How touring bands deal with high gas prices

With gas prices over $4 per gallon with no signs of dropping soon, bands are considering solutions like touring by bike, modifying the band van to run on biodiesel, and corporate sponsorships.

Matt Rosoff
Matt Rosoff is an analyst with Directions on Microsoft, where he covers Microsoft's consumer products and corporate news. He's written about the technology industry since 1995, and reviewed the first Rio MP3 player for CNET.com in 1998. He is a member of the CNET Blog Network. Disclosure. You can follow Matt on Twitter @mattrosoff.
Matt Rosoff
2 min read

Independent and small-label bands have to tour to cover the costs of recording, and with CD sales declining, major acts rely more on touring for revenue than ever before. But as these stories in the Chicago Tribune and Portland Oregonian make clear, the steep rise in the price of gasoline over the last couple of years has changed the equation drastically.

Will you take this '72 Stratocaster instead?

Example: two years ago, a band I was in was invitated to play a small festival in San Francisco, an 800-mile drive from Seattle. Back then, gas cost an average of $3.13 per gallon on the West coast. The van we were driving averaged about 20 miles per gallon. That's about $250 in gas. The guarantee for the festival was $200, and we were able to patch together a couple other shows. Between the door, collections, and CD sales, we managed to cover costs. Today, at $4.45 per gallon? We'd need to take in an extra $106 just to cover gas.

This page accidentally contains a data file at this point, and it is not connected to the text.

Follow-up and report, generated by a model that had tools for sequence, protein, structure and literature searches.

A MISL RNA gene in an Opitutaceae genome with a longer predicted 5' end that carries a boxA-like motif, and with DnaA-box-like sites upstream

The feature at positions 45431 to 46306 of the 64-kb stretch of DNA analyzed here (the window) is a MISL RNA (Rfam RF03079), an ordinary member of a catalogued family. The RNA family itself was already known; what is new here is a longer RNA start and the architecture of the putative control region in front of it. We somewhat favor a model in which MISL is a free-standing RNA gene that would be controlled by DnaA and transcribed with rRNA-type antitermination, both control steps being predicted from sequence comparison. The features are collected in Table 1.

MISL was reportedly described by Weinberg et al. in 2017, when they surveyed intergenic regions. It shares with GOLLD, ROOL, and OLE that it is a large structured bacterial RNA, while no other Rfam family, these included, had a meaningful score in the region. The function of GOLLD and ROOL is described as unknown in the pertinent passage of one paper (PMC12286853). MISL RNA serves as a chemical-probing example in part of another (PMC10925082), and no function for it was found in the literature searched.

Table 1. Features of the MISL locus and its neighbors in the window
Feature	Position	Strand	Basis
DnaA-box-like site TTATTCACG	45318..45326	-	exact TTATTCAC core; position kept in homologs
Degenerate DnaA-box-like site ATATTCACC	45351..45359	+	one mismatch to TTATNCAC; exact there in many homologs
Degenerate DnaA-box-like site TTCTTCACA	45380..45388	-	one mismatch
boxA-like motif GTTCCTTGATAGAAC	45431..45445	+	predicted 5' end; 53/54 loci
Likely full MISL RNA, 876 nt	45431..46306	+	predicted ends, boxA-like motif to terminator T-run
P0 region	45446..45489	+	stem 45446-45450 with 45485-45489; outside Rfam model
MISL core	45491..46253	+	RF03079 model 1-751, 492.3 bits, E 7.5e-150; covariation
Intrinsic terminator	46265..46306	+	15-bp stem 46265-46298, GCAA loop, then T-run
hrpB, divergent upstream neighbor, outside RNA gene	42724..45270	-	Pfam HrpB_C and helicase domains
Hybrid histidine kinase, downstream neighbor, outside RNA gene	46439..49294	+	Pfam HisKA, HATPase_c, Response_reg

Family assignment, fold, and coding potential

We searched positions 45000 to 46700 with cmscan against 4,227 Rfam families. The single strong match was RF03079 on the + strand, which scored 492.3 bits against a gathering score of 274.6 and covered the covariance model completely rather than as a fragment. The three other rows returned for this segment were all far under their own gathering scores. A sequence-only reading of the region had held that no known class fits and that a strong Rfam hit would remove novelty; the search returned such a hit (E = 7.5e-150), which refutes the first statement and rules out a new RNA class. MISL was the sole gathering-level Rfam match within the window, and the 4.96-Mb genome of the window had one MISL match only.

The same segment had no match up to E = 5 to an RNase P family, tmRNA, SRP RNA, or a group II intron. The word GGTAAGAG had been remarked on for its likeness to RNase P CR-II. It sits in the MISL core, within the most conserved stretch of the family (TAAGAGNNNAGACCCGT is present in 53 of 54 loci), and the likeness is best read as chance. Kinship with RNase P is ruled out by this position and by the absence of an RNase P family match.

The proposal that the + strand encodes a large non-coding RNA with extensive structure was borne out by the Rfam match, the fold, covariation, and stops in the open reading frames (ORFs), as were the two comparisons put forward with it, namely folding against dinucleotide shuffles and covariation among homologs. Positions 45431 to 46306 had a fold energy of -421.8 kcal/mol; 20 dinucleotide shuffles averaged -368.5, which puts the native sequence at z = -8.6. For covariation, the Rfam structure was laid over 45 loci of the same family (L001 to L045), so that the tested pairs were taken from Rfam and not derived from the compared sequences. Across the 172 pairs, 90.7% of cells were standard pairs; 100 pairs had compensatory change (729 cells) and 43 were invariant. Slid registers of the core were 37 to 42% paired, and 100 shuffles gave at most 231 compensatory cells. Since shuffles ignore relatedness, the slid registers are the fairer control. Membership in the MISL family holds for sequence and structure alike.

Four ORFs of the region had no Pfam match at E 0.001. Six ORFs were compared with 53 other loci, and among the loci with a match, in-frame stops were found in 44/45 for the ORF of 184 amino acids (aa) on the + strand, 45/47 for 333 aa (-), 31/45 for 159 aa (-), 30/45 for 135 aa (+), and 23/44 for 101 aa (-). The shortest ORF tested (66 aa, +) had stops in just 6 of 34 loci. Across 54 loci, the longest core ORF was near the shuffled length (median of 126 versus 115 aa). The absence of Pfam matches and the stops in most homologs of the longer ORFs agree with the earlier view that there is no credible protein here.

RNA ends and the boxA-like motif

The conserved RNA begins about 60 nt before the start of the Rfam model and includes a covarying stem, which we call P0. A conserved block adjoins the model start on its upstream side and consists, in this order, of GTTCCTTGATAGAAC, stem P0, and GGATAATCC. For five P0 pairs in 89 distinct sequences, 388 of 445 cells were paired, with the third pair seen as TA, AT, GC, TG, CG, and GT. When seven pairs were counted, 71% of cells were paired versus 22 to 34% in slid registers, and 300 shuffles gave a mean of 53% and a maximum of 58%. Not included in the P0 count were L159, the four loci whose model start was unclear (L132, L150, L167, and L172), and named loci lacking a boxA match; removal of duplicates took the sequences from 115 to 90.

Clubs aren't willing to pay larger guarantees--if anything, it's the opposite, given how the economy has affected discretionary spending. So we would have had to book a couple more shows with decent guarantees and fans who were willing to buy CDs. That's tough: there just aren't that many smaller towns with lots of fans willing to take a risk on original live music. Eugene, Oregon, has a large university and is right off the interstate. Some folks have talked up Chico, also home of a university and relatively close to the interstate. Eureka's reportedly a great music town, but way over on the coast, which adds another few hundred miles. Sacramento, maybe. Davis, possibly.

So what's a touring act to do, especially out west where the cities are few and far between? This story in the Houston Press has some interesting ideas how touring could evolve. Oil companies could sponsor gas cards for touring acts as a marketing trick. Multi-date residences may become common again--instead of one show at a bigger club, an act could play five or six days at a much smaller venue.

Other ideas? Look for unconventional venues between bigger gigs: think colleges, high schools, local bars, art spaces with an event you could latch on to. Think about how to book private parties--it could be a basement in your biggest MySpace fan's rental house, or something more corporate. Tour with more bands on the same bill (and more people sharing the ride). Flying and renting gear might be cheaper than long drives with long stretches of no (or very small) shows. One band's even bicycling down the West coast.